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  • Rachel Pessah, M.Cl.Sc., Reg. CASLPO

Great Expectations

As a mother of a toddler, my poor daughter is constantly being compared to my expectations. If I'm being completely honest, at 11 months I caught myself wondering why she wasn't already walking and talking. Despite years of advanced training in child development, I clearly set unrealistic expectations for my child! Are you creating unrealistic expectations for your child too?

I often get asked by parents, "What should I expect?" As parents, we are often guilty of comparing our children to other children in the same age group. The problem with comparing is that there is a HUGE range of what is considered “normal.”

The other day I was visiting a daycare and was surrounded by 10 toddlers. What fascinated me is that one of the children had more than 1000 words and was combining words into short sentences while another child, around the same age, appeared to have about 50 words and spoke in single words, yet both children demonstrated age appropriate language skills.

So what does the research say about typical language development?

At 12 months

  • Uses 1-5 words

  • Speaks in jargon (babble that sounds like words)

  • Understands 3-50 words

At 18 months

  • Uses 50-100 words

  • Beginning to combine 2 words

  • Beginning to use words more than gestures to communicate

At 24 months

  • Uses 200-300 words

  • Speech is understood about 50% of the time by an unfamiliar listener

  • Often combining 2 words

At 36 months

  • Understands and uses questions about objects (What? Who? Where?)

  • Speech is understood about 75% of the time by an unfamiliar listener

  • Can make the speech sounds: m, b, y, n, w, d, p, h

At 48 months

  • Understood close to 100% of the time by an unfamiliar listener

  • Can make the speech sounds: t, k, g, ng, f, ch, j

  • Speaks in sentences

The above information is meant to provide a brief overview of what to expect at each age. A speech and language assessment looks beyond these milestones at the whole child, including non-verbal communication, play, listening/understanding, and the function/use of language. When a comprehensive evaluation is completed, it is possible for your child to be slightly behind in one area and still fall within the range of "normal" for their age.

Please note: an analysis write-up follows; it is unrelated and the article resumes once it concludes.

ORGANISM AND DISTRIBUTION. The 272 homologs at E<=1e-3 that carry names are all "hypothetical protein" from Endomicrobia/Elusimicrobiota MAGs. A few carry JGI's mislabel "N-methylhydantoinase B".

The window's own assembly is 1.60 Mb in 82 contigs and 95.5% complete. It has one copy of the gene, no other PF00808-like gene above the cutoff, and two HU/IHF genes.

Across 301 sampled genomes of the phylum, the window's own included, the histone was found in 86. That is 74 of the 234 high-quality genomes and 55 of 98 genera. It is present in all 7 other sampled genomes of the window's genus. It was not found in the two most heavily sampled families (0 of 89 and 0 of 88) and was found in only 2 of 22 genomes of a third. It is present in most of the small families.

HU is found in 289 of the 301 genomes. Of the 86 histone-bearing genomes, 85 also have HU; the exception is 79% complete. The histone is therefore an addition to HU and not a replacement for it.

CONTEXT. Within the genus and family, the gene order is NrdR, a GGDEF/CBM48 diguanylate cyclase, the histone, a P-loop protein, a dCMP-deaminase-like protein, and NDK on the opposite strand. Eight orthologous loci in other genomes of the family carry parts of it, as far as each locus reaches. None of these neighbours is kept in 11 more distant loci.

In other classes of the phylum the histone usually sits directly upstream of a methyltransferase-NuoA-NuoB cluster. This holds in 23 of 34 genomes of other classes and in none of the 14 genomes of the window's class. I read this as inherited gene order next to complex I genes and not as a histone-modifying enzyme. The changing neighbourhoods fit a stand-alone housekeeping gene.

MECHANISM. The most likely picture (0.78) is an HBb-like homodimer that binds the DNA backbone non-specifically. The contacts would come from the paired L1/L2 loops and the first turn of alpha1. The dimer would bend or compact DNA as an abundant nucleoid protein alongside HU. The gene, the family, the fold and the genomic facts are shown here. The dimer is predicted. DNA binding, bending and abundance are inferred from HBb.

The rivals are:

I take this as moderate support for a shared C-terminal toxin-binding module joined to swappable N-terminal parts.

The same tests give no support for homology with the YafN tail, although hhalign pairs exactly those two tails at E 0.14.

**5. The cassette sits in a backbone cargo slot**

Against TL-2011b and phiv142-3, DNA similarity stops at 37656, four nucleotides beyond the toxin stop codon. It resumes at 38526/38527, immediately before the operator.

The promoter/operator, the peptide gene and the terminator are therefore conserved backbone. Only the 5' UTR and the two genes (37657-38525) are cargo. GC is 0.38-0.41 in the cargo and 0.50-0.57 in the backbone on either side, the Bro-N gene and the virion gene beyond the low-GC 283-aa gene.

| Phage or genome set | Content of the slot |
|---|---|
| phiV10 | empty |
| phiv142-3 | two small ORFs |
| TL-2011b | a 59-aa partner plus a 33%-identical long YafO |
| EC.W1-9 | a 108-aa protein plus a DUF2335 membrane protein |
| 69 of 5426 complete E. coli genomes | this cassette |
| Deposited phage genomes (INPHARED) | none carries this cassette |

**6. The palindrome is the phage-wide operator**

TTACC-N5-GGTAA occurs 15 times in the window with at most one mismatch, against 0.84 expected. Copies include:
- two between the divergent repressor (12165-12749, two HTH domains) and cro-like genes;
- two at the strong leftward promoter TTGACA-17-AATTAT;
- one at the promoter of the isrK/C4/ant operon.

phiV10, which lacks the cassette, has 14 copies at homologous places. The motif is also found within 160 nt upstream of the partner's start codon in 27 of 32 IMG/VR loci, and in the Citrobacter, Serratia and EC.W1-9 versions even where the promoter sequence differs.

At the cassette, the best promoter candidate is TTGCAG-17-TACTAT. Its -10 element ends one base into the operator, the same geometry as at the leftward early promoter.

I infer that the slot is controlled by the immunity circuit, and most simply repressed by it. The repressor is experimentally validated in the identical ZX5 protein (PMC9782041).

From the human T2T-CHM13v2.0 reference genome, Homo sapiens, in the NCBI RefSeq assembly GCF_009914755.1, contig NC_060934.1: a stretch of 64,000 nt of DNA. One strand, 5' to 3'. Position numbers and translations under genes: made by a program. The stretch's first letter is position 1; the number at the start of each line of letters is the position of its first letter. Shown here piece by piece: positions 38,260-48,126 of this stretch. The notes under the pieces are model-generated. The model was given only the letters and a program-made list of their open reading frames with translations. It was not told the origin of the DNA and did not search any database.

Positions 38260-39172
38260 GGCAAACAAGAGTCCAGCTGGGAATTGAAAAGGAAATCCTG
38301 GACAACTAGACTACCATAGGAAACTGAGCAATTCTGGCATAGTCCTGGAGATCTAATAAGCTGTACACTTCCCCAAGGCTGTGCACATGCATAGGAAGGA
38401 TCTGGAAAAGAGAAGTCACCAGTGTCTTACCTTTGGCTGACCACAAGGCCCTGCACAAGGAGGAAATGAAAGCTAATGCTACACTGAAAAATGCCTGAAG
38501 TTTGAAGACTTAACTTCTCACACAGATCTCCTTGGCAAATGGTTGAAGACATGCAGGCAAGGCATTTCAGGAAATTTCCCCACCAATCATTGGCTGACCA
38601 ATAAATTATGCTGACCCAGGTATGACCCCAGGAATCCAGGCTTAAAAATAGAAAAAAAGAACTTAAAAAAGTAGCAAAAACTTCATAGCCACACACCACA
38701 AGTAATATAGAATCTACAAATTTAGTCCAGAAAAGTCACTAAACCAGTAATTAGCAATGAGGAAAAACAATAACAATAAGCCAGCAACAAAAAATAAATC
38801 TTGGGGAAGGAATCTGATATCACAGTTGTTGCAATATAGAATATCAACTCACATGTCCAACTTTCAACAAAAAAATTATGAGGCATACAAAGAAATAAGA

What can I do if I think my child is not meeting these milestones?

If you are concerned about your child’s speech or language development trust your gut! No one knows your child better than you! Don't wait! It is a good idea to rule-out hearing and vision difficulties if your child is not meeting these milestones. Children rely on their vision to see mouth movements, facial expressions, and gestures. Vision is also important for early reading and writing skills. Being able to hear and learn sounds and words plays an important role in language and speech development.

If your child is under 5 years of age and you suspect speech or language is delays, speech-language pathology services are available at no cost through the Porcupine Health Unit (see link below for details).


These websites provide excellent ideas and strategies to facilitate early language skills:



  • The Hanen Centre -

Continue to come back to this blog for early language tips and strategies!


Goldman, R., & Fristoe, M. (2015). The Goldman-Fristoe Test of Articulation - Pearson Education Inc. (3rd ed.).

Paul, R., Norbury, C. (2012). Language Disorders from Infancy through Adolescence: Speaking, Reading, Writing, and Communicating - Elsevier Ebook on Vitalsource (4th ed.). St. Louis, MI: Mosby Inc.

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